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Featured Sleep Systems

Kelty Sleep Easy Air Bed

The Sleep Easy feels like a mattress, so you can sleep almost as comfortably as you do at home. This airbed is super durable, and it inflates in around two minutes. The pump and the rolled-up mattress both fit into an included Kelty Binto container for throw-and-go convenience.

Therm-a-Rest Luxury Map Sleeping Pad

This self-inflating pad uses advanced pressure-mapping technology which places high-density foam under your shoulders and seat for support where you need it most. Three inches of cushioning and an exceptionally high thermal rating make this pad a comfort-focused choice for any season of the year. This comfy pad is best suited to camping where you don't have to haul your gear on your back.

Eureka Camping Cot - XL

The Eureka Camping XL Cot is great for large-framed folks or anyone who wants more sprawling room. This cot can hold up to 300 pounds, and there’s enough storage space underneath for just about anything. This portable bed weighs in at just under 25 pounds, so you probably won't want to carry it more than the distance from your car to your tent.

The North Face Dolomite 2S Sleeping Bag: 40 Degree

This is a lightweight sleeping option for warm summer nights when preserving body heat isn't your main concern. The rectangular shape gives your legs full-flailing room so you can readjust without restriction. Heatseeker insulation is layered in overlapping baffles to fend off late-night chills. This is a big, comfy bag that's great for weekend getaways in warm conditions.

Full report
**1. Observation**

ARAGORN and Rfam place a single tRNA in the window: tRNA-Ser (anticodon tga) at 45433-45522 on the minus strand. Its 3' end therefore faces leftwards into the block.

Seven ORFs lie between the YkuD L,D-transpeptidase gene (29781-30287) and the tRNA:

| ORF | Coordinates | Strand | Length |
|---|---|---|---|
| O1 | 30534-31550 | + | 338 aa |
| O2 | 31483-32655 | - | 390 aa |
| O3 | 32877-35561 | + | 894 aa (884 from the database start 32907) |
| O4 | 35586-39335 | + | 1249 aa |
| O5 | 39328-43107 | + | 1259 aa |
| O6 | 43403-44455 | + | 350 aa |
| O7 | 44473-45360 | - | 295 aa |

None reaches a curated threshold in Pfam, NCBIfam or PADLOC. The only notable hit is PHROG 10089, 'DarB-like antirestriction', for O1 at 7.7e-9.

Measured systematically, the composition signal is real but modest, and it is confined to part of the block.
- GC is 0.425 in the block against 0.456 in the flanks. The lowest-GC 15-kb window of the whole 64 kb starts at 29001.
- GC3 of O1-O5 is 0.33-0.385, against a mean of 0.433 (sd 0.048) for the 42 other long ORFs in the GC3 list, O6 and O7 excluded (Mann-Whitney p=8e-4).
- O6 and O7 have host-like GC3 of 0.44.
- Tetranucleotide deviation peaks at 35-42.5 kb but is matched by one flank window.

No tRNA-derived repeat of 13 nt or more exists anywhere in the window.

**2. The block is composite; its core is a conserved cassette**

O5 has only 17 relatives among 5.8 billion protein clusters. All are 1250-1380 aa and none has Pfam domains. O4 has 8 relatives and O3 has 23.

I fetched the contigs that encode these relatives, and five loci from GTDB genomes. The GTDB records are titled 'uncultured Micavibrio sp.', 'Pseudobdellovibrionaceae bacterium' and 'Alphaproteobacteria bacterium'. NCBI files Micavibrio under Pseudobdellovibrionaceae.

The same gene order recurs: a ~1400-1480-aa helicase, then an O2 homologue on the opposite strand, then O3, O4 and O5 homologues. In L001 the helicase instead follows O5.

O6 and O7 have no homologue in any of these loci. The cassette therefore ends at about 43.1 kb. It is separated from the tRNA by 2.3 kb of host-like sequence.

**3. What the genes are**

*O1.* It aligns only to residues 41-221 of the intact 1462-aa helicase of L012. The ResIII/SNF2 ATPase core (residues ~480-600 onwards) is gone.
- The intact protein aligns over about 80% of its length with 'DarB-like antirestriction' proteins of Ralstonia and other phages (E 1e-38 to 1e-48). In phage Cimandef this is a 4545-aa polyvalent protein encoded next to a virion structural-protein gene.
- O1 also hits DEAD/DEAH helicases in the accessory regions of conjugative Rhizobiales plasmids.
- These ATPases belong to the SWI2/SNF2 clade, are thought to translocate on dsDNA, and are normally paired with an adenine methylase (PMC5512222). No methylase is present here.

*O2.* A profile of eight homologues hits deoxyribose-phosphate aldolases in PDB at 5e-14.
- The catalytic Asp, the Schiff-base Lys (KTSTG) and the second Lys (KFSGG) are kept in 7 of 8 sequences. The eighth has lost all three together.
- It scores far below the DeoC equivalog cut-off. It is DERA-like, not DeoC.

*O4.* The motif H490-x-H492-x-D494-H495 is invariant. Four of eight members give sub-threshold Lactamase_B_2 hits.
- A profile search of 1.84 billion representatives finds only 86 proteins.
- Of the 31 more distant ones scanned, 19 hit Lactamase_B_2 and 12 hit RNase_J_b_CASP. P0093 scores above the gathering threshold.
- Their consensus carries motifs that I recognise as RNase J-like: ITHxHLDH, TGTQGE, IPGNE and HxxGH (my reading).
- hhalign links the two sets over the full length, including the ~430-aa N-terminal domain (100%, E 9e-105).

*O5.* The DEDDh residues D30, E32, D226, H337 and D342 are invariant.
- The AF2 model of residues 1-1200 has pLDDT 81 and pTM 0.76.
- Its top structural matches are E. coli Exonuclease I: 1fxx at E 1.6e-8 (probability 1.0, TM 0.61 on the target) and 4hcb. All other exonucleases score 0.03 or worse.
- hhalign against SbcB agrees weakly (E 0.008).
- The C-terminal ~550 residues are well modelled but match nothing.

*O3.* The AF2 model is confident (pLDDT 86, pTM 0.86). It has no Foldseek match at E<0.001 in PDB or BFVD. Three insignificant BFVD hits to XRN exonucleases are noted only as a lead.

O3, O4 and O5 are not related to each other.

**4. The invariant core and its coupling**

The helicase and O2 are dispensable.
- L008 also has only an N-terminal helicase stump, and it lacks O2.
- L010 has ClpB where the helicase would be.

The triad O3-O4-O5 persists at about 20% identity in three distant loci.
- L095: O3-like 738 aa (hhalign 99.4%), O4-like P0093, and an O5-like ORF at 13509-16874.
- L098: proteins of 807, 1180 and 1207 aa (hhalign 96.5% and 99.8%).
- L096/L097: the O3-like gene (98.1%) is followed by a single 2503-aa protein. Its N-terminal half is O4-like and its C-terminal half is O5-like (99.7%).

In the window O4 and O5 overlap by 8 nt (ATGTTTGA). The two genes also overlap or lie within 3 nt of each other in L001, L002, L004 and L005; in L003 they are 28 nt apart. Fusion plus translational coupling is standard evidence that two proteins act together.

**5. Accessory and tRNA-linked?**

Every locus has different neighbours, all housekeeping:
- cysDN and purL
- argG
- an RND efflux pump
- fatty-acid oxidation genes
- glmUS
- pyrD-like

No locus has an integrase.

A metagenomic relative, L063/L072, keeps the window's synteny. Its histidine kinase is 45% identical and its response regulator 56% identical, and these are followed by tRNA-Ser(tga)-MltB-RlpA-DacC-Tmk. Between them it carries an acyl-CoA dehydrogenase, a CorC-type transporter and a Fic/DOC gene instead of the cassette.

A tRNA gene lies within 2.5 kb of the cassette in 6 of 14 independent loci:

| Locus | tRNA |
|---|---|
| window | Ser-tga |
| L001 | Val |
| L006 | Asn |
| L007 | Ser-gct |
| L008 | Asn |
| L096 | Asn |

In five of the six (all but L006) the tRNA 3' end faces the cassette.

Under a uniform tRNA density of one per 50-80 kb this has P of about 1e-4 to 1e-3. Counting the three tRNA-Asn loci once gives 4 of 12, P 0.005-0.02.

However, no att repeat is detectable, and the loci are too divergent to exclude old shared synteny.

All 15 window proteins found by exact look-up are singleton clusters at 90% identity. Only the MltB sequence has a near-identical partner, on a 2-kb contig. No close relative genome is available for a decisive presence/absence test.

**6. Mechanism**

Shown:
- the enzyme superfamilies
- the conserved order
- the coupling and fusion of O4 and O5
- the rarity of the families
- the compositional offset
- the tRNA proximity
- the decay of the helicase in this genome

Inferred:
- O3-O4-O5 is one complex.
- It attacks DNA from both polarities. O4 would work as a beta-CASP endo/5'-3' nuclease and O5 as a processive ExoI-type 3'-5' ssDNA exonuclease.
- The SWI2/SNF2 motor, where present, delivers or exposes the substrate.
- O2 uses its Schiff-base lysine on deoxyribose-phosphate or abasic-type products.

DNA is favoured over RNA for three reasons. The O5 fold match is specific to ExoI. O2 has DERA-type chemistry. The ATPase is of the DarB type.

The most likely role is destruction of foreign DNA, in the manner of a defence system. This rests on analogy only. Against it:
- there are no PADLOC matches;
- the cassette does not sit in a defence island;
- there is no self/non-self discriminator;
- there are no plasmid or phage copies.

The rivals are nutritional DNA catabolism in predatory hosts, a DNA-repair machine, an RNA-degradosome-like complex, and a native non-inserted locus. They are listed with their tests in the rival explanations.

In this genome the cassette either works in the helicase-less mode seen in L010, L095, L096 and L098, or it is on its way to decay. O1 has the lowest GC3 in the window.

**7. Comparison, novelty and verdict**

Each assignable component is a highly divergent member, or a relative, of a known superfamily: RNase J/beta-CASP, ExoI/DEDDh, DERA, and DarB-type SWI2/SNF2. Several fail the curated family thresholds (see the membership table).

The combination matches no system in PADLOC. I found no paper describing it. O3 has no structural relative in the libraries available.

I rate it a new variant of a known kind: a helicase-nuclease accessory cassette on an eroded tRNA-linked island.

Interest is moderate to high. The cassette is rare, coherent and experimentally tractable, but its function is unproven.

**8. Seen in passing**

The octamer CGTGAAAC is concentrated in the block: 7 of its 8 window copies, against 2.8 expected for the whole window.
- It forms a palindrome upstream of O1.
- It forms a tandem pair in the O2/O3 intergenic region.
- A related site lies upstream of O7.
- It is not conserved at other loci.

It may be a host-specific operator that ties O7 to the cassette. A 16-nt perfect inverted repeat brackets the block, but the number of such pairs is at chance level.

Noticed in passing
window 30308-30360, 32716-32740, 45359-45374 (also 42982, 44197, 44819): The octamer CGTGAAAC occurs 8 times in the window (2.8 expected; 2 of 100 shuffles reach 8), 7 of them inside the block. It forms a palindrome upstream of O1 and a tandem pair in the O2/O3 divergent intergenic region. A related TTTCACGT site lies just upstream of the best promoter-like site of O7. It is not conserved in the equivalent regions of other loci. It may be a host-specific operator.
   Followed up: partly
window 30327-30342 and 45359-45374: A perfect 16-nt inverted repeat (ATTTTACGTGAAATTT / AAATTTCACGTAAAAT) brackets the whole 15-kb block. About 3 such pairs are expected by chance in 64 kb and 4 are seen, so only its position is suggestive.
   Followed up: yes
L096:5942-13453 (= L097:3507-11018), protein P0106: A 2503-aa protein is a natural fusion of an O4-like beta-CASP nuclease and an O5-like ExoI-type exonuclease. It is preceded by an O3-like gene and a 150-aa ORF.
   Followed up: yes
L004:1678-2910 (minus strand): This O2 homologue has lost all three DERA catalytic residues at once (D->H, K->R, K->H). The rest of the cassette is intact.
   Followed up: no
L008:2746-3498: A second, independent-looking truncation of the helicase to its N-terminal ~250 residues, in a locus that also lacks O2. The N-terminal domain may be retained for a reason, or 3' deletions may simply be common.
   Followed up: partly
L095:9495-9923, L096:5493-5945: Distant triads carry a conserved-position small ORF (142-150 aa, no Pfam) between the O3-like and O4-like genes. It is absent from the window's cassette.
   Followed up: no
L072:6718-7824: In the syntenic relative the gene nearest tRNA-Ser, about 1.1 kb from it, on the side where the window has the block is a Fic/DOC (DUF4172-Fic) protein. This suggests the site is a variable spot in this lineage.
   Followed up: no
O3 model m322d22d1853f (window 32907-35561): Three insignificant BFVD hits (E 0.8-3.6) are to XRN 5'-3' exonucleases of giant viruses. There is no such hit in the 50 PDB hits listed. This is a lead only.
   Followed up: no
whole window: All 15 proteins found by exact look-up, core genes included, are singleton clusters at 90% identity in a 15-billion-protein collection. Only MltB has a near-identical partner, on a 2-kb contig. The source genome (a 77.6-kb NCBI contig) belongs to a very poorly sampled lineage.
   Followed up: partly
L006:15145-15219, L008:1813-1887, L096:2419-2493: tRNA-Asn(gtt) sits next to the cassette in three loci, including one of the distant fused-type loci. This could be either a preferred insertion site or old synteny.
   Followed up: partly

Marmot Helium Sleeping Bag: 15 Degree Down

If you want a bag that’s compressible and light enough for backpacking, the Marmot Helium Sleeping Bag packs down smaller than a loaf of bread and will keep you warm even if the temperature dips below freezing. Premium 850+ fill goose down rebounds even after repeated compression and provides plenty of comfort without much weight.

Big Agnes King Solomon Sleeping Bag: 15 Degree Down

The Big Agnes King Solomon Sleeping Bag is a two-person bag that forgoes insulation in the bottom and relies on your sleep platform to insulate and pad you from the ground. This design cuts weight and makes this bag easier to store, and since bodyweight compresses the insulation underneath you, you won't miss out on much warmth anyway. 600-fill down holds in enough warmth for cool nights.

Mountain Hardwear Lamina 20 Sleeping Bag: 20 Degree Synthetic

The Lamina uses Mountain Hardwear's proprietary Thermic Micro insulation— it's high loft and compressible like down, but it doesn't lose its warmth if it gets wet, which makes it great for spring, summer, or fall camping in humid conditions. The insulation is welded directly to the bag to increase durability and prevent cold spots. This a great crossover bag for both car-supported and deep-backcountry camping.

Big Agnes Lost Ranger Sleeping Bag: 15 Degree Down

The Lost Ranger maximizes efficiency, milking more performance out of a light, compact construction. Big Agnes' famous sleeping-pad pocket and insulation-free bottom keeps you on your sleeping platform and reduces weight. The semi-rectangular shape works as well for comfort camping as the low weight does for summer backpacking trips—you don’t always need a slim, trim mummy bag.

Therm-a-Rest Regulus Blanket: 40 Degree Synthetic

The Regulus Blanket is suited for warm climates and strikes a nice balance between weight and warmth. This blanket snaps directly to your sleeping platform—it's comparable to sleeping at home, where you rest on your bed and cover yourself with a quilt. This blanket is a lightweight option for warm-weather campouts or for treks where cutting weight is essential.